Stauffer and Downs believe Congress can and should help ease the public’s fears around the safety of the COVID-19 vaccine. (According to a recent Gallup poll, only 58% of Americans indicate that they are willing to get the vaccine, down from 66% in June.) Downs said communication and verbal reinforcement from Congress is important, but that it’s really about making sure the public has access to the data. Stauffer said Congress is working on coverage for the vaccine that’s supposed to be free, as mandated in a previous relief package.
For her part, Mason said it’s necessary to talk about the history of medical warfare on Black and brown bodies in America and ensure people from those communities are part of the process from start to finish. Doing so, she predicted, will help those most disproportionately impacted feel more comfortable getting vaccinated.
Mason offered insight on the future of the Affordable Care Act, following the November 10 California v. Texas arguments at the Supreme Court. Mason explained, “The case hinges on whether the requirement that individuals obtain health insurance or pay a tax is constitutional, and whether, if that particular provision falls, then the entire ACA should fall.”
The questions asked by the justices during oral arguments led Mason to believe there’s a possibility the court will rule that the ACA is constitutional even if the individual responsibility provision is found to be unconstitutional.
“A decision to essentially invalidate the entire ACA would have devastating consequences,” Mason summarized, “particularly for women.” Without the ACA, the 68 million women with preexisting conditions –– plus those who’ve tested positive for COVID-19 –– may not be able to obtain insurance, she said. Without the ACA, Mason continued, health insurance plans would again be able to charge women higher premiums. She worried about plans that won’t provide maternity care, as well as the loss of Medicaid eligibility and increased out-of-pocket costs for preventive care, including contraception.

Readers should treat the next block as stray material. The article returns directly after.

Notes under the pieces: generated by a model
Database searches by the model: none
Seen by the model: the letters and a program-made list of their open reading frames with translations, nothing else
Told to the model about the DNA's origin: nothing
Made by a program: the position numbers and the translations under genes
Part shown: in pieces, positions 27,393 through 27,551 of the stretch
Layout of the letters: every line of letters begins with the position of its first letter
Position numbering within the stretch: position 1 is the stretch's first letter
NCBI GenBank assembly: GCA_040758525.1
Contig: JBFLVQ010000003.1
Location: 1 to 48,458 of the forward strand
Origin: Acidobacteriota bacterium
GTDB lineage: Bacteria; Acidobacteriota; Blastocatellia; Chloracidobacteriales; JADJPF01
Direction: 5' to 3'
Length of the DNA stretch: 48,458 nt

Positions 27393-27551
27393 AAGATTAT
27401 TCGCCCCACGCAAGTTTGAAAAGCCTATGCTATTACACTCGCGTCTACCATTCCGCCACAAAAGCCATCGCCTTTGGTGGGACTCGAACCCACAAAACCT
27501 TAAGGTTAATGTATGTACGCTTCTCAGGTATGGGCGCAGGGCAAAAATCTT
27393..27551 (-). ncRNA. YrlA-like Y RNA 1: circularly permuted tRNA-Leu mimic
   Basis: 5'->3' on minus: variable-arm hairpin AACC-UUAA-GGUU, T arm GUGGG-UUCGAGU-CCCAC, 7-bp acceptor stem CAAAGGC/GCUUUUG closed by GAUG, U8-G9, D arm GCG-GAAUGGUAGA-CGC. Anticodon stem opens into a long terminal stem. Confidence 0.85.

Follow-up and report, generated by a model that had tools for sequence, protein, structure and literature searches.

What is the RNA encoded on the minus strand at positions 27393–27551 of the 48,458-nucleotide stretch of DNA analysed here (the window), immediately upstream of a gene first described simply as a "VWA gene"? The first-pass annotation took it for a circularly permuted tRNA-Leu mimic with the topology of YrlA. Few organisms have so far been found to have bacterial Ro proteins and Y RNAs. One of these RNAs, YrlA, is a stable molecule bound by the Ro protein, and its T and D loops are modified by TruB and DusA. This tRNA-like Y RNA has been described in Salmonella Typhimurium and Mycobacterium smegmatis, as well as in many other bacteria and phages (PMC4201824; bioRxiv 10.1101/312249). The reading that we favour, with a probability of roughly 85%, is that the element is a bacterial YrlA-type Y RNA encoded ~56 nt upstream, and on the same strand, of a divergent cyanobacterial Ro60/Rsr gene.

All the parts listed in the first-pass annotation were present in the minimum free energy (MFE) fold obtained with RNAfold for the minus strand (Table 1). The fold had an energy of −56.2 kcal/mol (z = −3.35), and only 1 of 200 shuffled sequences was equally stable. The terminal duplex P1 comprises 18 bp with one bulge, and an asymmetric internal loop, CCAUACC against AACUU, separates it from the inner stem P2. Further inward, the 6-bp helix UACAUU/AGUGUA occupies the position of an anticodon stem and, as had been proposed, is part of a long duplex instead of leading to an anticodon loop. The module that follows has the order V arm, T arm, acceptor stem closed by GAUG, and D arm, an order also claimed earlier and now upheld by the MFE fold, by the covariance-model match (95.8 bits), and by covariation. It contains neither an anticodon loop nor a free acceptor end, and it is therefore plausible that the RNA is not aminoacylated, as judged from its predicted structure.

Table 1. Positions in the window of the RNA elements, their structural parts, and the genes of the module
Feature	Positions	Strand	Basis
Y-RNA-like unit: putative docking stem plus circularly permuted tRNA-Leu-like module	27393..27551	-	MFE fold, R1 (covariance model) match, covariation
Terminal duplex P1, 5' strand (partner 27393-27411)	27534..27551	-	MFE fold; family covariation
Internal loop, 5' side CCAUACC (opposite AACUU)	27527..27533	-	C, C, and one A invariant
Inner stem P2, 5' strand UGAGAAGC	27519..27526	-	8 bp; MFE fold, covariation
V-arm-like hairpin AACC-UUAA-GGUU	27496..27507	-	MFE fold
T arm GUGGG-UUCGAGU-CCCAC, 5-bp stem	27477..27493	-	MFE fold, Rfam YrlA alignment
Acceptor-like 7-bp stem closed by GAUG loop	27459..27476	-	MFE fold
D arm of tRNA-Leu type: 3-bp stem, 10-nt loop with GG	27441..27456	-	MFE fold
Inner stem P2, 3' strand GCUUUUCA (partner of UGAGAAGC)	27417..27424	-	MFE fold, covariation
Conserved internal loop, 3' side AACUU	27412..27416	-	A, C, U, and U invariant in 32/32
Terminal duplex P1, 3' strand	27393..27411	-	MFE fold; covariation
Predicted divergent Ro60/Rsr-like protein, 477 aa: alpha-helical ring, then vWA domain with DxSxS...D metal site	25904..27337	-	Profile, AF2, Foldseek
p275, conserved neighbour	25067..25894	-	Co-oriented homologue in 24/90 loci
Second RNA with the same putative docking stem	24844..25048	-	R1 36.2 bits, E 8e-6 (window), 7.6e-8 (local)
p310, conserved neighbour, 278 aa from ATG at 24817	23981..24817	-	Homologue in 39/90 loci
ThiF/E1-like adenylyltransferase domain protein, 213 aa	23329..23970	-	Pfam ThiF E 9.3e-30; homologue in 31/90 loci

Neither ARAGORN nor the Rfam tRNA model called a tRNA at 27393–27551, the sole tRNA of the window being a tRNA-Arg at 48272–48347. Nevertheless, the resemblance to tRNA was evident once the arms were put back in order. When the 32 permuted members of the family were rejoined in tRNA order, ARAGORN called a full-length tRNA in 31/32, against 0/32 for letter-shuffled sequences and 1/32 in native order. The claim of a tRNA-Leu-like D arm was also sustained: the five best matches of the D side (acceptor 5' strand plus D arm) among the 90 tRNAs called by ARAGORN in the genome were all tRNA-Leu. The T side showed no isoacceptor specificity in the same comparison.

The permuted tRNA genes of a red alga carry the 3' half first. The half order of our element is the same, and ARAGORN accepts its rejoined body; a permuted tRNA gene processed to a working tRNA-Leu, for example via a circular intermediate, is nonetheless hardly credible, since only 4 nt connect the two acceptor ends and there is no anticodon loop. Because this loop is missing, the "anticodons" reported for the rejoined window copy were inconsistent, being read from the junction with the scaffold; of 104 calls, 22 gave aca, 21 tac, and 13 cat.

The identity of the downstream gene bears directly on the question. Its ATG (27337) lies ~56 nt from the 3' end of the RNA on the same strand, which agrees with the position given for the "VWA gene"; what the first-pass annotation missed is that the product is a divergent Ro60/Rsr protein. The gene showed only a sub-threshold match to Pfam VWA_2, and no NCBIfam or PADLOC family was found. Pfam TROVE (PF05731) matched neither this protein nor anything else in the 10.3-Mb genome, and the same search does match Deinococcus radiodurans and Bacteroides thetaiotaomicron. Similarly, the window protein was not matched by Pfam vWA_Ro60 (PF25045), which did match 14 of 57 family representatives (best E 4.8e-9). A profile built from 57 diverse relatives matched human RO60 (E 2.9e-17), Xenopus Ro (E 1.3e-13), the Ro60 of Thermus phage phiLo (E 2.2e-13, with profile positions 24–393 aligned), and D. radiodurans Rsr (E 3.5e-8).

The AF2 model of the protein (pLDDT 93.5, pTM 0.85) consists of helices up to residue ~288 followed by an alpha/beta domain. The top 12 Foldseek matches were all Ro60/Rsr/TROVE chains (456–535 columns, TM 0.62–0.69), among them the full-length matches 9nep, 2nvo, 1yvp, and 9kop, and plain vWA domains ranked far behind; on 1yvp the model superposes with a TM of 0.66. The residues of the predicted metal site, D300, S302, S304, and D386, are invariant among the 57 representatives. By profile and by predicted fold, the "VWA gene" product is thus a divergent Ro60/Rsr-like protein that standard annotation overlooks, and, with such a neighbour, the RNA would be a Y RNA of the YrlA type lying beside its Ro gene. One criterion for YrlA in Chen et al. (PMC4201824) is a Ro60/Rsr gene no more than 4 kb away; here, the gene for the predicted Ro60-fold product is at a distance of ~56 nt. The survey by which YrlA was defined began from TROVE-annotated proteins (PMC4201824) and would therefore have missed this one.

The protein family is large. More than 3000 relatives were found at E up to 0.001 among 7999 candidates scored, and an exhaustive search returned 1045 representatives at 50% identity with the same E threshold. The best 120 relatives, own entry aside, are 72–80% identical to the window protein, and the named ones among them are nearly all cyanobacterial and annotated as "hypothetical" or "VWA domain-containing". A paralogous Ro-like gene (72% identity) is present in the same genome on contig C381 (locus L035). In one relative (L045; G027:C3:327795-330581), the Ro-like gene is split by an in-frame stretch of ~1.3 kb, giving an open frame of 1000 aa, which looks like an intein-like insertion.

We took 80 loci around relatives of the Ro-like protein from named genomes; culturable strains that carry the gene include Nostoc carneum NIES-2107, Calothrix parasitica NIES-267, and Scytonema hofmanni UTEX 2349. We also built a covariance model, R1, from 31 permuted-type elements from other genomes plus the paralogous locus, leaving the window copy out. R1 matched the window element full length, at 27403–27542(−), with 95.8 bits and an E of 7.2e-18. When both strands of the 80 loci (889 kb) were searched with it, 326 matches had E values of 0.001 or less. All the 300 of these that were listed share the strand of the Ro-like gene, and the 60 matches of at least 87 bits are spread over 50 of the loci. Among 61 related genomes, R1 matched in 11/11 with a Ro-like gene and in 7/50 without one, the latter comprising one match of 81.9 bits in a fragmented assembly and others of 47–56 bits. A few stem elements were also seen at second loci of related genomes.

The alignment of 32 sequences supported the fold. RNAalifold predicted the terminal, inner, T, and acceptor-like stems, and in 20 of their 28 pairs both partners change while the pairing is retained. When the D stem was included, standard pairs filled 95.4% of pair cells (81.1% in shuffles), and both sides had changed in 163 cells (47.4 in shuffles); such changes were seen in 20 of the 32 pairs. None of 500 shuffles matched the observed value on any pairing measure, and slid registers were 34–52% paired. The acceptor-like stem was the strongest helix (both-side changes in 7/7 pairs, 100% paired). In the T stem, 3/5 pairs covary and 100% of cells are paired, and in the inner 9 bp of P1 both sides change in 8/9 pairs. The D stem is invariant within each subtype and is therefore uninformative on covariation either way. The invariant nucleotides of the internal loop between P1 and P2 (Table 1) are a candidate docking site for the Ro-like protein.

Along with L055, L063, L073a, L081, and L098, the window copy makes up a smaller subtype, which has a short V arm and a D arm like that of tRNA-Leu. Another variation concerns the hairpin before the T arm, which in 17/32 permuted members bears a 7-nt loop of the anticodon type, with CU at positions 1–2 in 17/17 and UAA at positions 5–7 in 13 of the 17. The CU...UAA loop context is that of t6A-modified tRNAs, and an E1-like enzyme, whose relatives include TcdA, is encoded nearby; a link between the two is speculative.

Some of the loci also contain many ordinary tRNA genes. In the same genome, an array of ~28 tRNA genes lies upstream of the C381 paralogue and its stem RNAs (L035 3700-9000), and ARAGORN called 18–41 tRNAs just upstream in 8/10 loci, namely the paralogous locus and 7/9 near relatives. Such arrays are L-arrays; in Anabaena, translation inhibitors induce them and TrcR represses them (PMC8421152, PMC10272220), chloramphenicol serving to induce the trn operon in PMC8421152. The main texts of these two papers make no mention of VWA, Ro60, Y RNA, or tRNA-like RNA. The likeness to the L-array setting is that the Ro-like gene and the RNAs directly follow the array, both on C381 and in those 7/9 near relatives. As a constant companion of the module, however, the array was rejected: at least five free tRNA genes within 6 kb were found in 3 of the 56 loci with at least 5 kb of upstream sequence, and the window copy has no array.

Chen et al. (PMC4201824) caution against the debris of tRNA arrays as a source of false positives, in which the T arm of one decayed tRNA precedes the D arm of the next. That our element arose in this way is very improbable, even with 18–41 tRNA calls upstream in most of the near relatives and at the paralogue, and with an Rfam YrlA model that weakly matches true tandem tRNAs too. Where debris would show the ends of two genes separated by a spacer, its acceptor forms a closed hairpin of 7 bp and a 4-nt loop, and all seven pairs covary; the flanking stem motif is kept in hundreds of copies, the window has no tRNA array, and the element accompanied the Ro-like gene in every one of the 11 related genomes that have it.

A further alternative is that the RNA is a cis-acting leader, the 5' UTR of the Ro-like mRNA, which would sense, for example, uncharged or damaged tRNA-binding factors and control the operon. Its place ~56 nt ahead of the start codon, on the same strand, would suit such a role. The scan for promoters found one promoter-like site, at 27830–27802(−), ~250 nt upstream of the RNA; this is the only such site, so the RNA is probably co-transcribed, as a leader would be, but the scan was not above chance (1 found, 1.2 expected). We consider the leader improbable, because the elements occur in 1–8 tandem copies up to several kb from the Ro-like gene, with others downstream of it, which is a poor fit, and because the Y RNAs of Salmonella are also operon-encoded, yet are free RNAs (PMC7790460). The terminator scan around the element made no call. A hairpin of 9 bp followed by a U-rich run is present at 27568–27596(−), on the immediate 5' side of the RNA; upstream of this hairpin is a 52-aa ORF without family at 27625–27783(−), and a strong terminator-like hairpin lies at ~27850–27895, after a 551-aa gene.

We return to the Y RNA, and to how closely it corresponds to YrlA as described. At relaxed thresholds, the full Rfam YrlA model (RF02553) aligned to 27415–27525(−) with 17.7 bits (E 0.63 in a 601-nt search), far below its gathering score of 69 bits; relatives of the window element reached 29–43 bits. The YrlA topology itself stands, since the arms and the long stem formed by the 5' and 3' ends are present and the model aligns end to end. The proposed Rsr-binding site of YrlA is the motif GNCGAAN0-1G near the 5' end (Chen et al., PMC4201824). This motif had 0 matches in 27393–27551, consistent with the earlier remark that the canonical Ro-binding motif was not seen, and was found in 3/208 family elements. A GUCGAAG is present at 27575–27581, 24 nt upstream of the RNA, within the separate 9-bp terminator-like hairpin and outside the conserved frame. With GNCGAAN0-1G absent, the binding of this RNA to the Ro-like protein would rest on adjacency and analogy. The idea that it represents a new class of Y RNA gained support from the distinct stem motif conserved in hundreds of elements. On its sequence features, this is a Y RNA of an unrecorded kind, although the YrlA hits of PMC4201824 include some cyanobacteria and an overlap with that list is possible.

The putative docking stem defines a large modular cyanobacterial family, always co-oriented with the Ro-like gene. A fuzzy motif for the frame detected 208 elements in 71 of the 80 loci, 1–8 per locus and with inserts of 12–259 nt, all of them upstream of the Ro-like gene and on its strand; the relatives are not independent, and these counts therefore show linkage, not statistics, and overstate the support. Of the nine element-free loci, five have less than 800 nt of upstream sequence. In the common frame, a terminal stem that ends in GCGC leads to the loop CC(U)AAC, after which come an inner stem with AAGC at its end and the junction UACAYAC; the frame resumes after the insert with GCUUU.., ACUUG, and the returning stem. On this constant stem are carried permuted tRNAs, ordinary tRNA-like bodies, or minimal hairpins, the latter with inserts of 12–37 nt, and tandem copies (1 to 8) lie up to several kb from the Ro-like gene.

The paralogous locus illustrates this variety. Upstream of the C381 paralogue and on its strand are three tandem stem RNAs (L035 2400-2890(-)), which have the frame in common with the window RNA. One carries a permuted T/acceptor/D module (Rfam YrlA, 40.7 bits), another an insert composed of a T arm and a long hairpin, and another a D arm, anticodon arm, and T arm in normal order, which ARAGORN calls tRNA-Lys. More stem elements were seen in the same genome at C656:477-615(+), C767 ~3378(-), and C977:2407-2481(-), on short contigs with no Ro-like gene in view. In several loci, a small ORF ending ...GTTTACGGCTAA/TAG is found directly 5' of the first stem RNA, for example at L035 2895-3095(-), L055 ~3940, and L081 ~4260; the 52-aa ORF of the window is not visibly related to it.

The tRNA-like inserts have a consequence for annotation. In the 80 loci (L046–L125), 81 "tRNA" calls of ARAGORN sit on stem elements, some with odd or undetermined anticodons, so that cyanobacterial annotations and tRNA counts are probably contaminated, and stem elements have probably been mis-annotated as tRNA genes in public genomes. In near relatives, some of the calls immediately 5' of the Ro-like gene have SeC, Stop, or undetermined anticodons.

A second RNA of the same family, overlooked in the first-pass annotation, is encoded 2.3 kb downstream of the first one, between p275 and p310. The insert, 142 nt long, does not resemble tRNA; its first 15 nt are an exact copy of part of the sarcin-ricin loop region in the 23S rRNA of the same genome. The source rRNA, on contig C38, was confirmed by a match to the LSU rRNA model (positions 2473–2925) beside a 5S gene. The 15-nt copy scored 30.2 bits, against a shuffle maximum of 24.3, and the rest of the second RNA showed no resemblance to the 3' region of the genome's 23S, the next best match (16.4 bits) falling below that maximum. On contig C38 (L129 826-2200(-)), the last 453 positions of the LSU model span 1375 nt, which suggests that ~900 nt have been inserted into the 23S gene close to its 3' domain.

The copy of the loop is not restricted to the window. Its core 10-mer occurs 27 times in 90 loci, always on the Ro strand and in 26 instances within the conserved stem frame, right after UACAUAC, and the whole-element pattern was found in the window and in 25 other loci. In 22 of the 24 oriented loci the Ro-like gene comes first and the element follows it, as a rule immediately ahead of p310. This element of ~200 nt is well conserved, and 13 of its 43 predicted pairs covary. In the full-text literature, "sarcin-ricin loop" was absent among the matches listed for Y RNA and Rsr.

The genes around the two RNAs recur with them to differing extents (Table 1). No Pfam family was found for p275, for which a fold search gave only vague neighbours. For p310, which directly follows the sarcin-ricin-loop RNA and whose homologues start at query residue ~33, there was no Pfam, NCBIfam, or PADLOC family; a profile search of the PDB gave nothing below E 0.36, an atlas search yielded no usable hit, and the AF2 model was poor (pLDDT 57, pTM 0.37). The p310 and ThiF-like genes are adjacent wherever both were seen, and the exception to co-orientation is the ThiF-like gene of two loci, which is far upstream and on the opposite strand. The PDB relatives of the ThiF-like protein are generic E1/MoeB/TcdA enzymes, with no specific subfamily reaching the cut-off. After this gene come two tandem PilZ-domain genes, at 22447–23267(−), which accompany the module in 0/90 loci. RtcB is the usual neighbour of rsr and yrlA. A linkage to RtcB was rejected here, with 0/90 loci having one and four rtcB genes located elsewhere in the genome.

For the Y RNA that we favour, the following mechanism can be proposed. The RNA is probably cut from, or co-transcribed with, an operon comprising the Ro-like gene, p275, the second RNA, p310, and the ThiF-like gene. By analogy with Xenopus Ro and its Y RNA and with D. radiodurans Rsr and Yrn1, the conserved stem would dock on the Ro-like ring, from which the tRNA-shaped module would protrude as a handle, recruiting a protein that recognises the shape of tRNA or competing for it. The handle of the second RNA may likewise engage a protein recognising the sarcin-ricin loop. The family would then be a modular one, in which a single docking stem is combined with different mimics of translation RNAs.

“These are really significant things that are on the chopping block along with the ACA,” Mason said. Adding to Mason’s concern is the Republican-led Senate and Democrat-controlled House. Mason said the question becomes what would replace the ACA and whether Congress would pass it.
“We’ll have a decision hopefully by spring, and we’ll know whether millions of people are going to continue to have health care during one of the most horrible pandemics we’ve had in this century,” Mason concluded.
Harris’ victory as the first woman (and woman of color) to be elected vice president was a bright spot for the panelists, who believe Harris understands the intersectional issues at play in women’s health care and lives. Gormely said, “This is real life for her; this is not a theoretical for her and her family.”
This resource was created with support from Astellas and The Pfizer Foundation.